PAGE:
As a member of a Suncor sustainability stakeholder group, Calvert has pushed the company to set emissions reduction targets for several years. In 2009, Suncor set a target to achieve a 10% improvement in energy efficiency from a 2007 baseline to 2015. This goal will force Suncor to manage its oil sands and other oil and gas operations in a way that diminishes GHG emissions.
In 2009, Calvert withdrew a shareholder resolution that called on Denbury to release a sustainability report that outlines "corporate strategies to reduce greenhouse gas emissions" when the company committed to produce such a report. Denbury published a report in 2011 that outlines its climate change programs. These programs include a significant business focused on CO2 storage in Enhanced Oil Recovery (EOR).
Calvert Engagement with SAGE Holdings:
At an October 2008 ExxonMobil executive retreat, Calvert pushed the company to clarify publically its position regarding pending climate change legislation in 2009. In January 2009, CEO Rex Tillerson outlined ExxonMobil's most constructive position on climate regulation to date, which included support for a carbon tax.
At an October 2011 sustainable and responsible investing (SRI) conference, Calvert prompted Vice President of Corporate Affairs Ken Cohen to reiterate the company's support for a carbon tax and willingness to work with responsible investors and environmental groups to achieve this end. In September 2012, Calvert organized a meeting between sustainability analysts and ExxonMobil senior executives to clarify statements Tillerson made in June of that year that appeared to prioritize adapting to climate change over taking steps to lessen its impact (including greenhouse gas emissions reductions and alternative energy investments). Cohen took the opportunity to emphasize the steps ExxonMobil has taken to mitigate the impacts of climate change.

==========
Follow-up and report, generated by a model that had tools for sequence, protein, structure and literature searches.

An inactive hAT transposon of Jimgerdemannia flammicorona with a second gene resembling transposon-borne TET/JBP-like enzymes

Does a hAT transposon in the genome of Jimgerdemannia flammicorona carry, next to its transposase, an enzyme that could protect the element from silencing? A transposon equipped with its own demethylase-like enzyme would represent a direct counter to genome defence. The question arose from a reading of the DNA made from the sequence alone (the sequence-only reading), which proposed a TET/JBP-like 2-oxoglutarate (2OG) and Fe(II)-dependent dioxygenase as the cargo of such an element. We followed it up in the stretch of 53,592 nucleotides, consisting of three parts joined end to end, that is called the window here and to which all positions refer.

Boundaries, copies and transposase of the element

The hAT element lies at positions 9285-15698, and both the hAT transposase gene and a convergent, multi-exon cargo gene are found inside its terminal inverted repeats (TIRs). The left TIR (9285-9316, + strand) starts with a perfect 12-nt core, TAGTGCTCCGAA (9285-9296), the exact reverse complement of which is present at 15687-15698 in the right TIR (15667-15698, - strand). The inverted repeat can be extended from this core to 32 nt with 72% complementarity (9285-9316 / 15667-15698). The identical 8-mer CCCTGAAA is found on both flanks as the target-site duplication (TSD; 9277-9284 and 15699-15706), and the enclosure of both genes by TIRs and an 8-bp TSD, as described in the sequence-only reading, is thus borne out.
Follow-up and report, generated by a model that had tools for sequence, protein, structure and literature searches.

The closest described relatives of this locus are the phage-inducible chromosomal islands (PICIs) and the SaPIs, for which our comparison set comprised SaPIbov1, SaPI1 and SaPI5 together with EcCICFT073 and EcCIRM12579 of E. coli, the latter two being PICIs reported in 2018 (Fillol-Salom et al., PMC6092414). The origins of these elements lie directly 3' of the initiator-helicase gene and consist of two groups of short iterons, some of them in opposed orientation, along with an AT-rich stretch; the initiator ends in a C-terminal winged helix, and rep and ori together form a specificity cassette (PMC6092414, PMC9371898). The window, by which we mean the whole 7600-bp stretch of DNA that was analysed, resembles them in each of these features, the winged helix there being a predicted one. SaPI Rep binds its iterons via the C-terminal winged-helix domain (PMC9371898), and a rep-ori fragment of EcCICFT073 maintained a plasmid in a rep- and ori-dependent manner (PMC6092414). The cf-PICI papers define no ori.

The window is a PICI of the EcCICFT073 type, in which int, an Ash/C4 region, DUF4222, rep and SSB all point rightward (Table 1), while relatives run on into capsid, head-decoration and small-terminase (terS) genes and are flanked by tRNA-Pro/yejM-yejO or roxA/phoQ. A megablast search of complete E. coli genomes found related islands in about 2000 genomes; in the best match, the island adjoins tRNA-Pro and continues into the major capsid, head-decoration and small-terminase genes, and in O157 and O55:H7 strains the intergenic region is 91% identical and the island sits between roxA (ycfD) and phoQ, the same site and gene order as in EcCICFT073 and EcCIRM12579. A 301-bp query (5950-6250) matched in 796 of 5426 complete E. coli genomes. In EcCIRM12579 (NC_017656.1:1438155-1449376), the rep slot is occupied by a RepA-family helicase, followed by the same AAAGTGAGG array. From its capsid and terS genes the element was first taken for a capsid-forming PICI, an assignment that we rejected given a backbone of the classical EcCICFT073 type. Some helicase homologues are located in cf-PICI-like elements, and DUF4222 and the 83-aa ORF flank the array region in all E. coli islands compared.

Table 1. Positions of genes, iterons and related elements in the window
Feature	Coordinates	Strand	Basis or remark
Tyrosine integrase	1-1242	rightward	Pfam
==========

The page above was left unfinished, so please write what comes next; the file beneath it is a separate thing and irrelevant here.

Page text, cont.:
Calvert urged Marathon Oil to set and meet GHG emissions reduction targets since 2009, as part of our SAGE Enhanced Engagement with the company. In 2010, the company set a target to reduce its GHG emissions intensity by four percent from a 2008 baseline to 2013. As of 2012, Marathon Oil has made intensity reductions many times higher than the original goal.
Climate Public Policy Initiatives
In addition to engaging directly with companies, Calvert has contributed to and defended public policy that requires industry action to reduce GHG emissions and invest in alternative energy.
Calvert has worked with the National Resources Defense Council (NRDC) to preserve Section 526 of the Energy Independence and Security Act, which prohibits the U.S. Department of Defense from buying oil with high carbon content.
Calvert also has worked with the Investor Network on Climate Risk (INCR) to support strong fuel economy standards for automobiles (which the Obama Administration established in August), has vigorously supported the U.S. Environmental Protection Agency (EPA) proposed standard to limit greenhouse gas emissions from electric power plants, and has advocated for renewable energy.
Taking on Fossil Fuel Companies Beyond Climate
Calvert has also used its ownership of certain oil, gas and mining companies to challenge the industry to demonstrate higher standards of corporate responsibility and sustainability on other critical environmental and social issues.